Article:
TOKYO (AP) – Japan’s government yesterday welcomed the election of a new president in South Korea who supports stronger ties with Washington and Tokyo, as officials and experts expressed hope for an improvement in badly strained relations.
Yoon Suk Yeol, a conservative former top prosecutor and foreign policy neophyte, was elected president on Wednesday to replace outgoing liberal Moon Jae-in, under whose leadership bilateral relations sank to their lowest level in years because of disputes over wartime history.
“Japan-South Korea relations are in a very severe condition, and we cannot leave them as they are,” Japanese Prime Minister Fumio Kishida told reporters yesterday.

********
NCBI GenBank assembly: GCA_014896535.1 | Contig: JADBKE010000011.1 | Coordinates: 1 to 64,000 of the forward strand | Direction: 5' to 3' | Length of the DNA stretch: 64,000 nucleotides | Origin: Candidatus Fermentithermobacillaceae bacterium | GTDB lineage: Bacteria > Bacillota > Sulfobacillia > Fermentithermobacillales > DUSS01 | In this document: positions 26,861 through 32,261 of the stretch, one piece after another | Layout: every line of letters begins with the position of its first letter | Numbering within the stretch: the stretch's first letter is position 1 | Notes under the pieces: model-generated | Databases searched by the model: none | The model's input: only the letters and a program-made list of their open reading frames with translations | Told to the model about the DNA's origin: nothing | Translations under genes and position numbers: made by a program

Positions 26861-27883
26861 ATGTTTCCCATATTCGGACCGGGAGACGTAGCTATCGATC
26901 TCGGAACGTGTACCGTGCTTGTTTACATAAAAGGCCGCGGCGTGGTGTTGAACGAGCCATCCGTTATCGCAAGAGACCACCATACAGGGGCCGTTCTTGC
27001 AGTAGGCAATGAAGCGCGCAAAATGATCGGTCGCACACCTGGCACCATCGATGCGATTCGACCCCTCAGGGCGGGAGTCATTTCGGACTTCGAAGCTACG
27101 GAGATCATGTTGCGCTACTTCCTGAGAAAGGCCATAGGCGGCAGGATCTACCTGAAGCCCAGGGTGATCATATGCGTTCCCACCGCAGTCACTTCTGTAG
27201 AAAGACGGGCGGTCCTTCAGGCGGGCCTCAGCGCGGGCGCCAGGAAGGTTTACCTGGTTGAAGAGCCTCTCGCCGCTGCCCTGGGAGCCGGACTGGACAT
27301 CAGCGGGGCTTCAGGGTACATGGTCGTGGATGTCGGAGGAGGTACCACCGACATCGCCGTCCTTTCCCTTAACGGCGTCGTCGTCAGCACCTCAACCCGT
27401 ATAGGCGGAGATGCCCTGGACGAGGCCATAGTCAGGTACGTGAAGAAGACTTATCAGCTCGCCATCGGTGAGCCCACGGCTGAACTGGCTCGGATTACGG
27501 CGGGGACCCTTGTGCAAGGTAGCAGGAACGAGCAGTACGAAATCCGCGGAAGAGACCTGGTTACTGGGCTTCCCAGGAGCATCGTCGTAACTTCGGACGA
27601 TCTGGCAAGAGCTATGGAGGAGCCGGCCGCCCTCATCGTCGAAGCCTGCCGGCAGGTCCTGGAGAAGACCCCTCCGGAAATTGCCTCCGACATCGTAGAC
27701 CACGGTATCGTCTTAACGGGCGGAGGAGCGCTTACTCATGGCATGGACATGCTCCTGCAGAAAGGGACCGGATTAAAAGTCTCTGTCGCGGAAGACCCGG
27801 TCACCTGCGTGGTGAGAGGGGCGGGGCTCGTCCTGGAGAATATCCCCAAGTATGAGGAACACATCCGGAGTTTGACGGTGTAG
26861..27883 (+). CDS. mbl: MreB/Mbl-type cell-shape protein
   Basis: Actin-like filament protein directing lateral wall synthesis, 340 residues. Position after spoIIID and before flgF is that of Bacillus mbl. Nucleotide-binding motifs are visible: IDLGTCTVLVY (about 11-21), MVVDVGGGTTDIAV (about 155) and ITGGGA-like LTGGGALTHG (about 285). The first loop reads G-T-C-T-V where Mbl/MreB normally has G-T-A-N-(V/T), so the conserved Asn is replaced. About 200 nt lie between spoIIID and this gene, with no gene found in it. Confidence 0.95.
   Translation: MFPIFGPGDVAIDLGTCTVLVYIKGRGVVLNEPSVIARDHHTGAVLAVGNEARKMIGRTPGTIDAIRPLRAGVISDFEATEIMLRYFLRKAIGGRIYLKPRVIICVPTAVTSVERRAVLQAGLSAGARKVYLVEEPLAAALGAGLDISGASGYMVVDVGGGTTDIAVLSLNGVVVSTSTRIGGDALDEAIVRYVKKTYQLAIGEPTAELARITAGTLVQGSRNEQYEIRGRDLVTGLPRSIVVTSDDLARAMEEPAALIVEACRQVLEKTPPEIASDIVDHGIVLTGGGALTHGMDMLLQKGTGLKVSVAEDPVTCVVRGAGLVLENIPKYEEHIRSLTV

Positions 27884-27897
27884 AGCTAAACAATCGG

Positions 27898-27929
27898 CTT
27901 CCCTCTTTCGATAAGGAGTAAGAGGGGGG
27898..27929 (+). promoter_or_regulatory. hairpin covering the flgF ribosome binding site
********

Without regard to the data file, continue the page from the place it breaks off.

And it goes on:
“Healthy ties between Japan and South Korea are indispensable for the peace, stability and prosperity of the world,” especially as it faces difficulties such as Russia’s invasion of Ukraine, he said. “Cooperation among Japan, the United States (US) and South Korea is also important.”
Kishida, however, said Japan will stick to its stance that all wartime compensation issues with South Korea were settled by a 1965 treaty, which he said is the basis of friendly and cooperative relations between the two countries. He said it is crucial for South Korea to “keep the promises between the nations”.
“I believe it is important to communicate with the new president and his new administration to restore healthy relations based on Japan’s consistent position,” Kishida said. “I hope to hold talks with the new government as I watch its actions.”
Relations between Tokyo and Seoul deteriorated sharply after South Korean courts ordered Japanese companies to pay reparations to Korean labourers over abuses during World War II, when Korea was a colony of Japan. Another sticking point is Korean “comfort women” who were sexually abused by Japanese troops during the war.